In our society, different eating patterns are prescribed depending on body size that may lead to more harm than good. Let’s find out more on how this fuels disordered eating.
Disordered eating is difficult to define. Often disguised as a ‘diet’ or masked by the skewed perception of what a disordered body should look like, it often goes undetected. Whether it is restricting food or reactive eating that develops from deprivation, these behaviors are our body’s way of trying to signal that something is wrong.
Ironically, instead of seeing these as red flags, they are normalized and praised by society as a means to control body size.
It’s important to realize that restrictive behaviors such as dieting look exactly the same as a restrictive eating disorder: counting or tracking calories, skipping meals, depriving the body of nutrients, and checking weight obsessively.
Depending on the person’s body size, we perceive these behaviors differently. If a person appears emaciated, then the behaviors are deemed disordered. If a person appears any other size, then the behaviors are labeled as “dieting.” This is especially problematic for people recovering from a restrictive eating disorder, such as anorexia nervosa, when the message becomes, “heal and gain weight, but not too much weight.”
Let’s take a look at the 2 most common eating behaviors, and how they unfairly discriminate against certain body sizes.
For those who are in a larger frame, restrictive eating often becomes the method of choice in an attempt to obtain a smaller size. Through restriction, the problem arises in which the autonomic processes of the body are manipulated in an attempt to control body size. However, if you turn off these signals, the body can’t function properly. Imagine walking outside in 95 degree weather and not being able to sweat or if your body couldn’t tell you when your bladder is full. Hunger is no different, yet there are prescriptions for appetite suppressants. Turning off someone’s ability to recognize hunger doesn’t make them healthier. Rather, it starves their cells of nutrients, which then interrupts necessary signals from the gut to the brain, and continues the domino effect of disordered behaviors.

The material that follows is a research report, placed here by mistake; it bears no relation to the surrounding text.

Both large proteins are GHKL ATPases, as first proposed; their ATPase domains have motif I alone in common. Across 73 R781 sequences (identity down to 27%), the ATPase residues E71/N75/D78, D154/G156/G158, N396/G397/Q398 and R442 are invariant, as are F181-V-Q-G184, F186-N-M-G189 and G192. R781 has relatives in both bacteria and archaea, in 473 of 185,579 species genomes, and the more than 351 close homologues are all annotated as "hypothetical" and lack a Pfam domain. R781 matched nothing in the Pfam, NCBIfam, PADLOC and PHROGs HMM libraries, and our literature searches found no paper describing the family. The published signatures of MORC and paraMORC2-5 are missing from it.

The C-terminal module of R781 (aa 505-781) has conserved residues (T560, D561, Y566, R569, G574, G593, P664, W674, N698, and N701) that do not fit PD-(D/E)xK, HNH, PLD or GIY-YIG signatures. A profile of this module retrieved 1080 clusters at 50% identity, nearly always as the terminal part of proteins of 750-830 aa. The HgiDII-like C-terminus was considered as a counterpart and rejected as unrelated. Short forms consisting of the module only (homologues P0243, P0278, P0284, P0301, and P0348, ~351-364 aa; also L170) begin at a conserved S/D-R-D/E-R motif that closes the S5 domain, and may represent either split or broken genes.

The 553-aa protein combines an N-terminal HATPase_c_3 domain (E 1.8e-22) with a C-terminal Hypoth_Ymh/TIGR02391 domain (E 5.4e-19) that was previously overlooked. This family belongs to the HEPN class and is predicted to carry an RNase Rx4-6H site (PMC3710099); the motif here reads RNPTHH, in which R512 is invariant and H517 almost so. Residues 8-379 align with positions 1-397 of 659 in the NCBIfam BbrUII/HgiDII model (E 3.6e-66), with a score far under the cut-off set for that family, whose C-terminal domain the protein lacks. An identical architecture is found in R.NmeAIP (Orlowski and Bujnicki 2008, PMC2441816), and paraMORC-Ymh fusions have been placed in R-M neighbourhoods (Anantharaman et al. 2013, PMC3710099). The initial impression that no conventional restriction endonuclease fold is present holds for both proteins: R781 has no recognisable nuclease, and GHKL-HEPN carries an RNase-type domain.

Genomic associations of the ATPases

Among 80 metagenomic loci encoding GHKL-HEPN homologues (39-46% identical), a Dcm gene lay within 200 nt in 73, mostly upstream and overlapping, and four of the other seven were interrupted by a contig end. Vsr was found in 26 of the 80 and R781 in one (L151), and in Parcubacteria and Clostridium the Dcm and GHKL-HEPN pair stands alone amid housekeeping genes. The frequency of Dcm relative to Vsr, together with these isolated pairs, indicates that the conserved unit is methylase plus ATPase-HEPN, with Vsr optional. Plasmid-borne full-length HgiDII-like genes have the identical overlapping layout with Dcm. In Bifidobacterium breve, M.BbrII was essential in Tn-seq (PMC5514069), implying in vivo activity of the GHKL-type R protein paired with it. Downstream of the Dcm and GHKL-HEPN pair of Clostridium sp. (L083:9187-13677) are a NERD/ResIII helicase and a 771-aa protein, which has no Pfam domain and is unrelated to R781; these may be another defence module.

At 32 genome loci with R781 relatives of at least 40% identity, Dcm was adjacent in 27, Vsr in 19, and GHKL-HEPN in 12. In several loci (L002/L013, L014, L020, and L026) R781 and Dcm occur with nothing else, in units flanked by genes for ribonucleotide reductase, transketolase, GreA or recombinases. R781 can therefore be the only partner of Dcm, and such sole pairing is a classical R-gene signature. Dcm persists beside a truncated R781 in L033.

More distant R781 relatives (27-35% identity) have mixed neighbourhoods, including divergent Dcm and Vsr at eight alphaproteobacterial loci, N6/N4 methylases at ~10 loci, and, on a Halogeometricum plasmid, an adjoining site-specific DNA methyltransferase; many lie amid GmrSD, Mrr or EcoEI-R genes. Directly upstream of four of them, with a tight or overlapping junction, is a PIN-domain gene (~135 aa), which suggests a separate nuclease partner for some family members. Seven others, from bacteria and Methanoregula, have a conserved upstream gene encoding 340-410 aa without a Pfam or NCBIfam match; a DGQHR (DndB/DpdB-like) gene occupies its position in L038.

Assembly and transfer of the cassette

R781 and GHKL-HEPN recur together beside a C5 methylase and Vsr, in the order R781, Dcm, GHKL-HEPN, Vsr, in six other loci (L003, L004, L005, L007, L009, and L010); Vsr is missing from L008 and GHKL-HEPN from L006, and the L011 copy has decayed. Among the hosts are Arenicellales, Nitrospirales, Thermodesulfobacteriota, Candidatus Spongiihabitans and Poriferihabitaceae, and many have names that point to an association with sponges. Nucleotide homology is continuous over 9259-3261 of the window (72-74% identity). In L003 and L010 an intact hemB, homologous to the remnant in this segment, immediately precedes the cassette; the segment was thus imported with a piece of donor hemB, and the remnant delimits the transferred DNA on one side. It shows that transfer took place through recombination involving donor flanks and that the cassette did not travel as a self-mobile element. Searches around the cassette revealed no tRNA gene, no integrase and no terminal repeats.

Bingeing, or reactive eating, is sometimes encouraged in those recovering from a restrictive eating disorder who are severely underweight as a means for weight restoration. What most fail to realize is that bingeing is a defensive mechanism of the body and is itself a disordered behavior. Ignoring this or any other disordered behavior can lead to persistence of the eating disorder instead of a full recovery.
Bingeing can be independent of weight or size. When the body feels it has been deprived, either physically or mentally, reactive eating is almost inevitable. Even if the body is being fed, if part of the brain still feels that some foods are off limits or is emotionally deprived, there is the potential to binge. Disordered eating comes full circle when bingeing encourages the same restrictive behavior that you are trying to eradicate. For many, a hangover day of restriction follows a night of bingeing.
What’s clear is that disordered behaviors, or even prescribing them to manipulate body size, doesn’t equal health or recovery.
We can’t dismiss one disordered behavior to “gain weight,” just as we can’t use a disordered behavior to justify “losing weight.” Instead, it is critical to address the underlying contributor factors rather than prescribing a process to control weight. By cultivating a better relationship with food and working toward body acceptance, the body will find its natural ability to heal and find a stable set-point.
This is absolutely possible for anyone, no matter what their size.
Adapted from the original article.
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Haley Goodrich, RD, LDN is a private practice Registered Dietitian based in Pittsburgh, PA inspiring others to have a healthy relationship with food. Specializing in disordered eating, intuitive eating, and digestive health, Haley’s mission is to show that healthy doesn’t have to be restrictive or defined by how you compare to others. To stay inspired to be your healthiest you, visit Haley at INSPIRD Nutrition.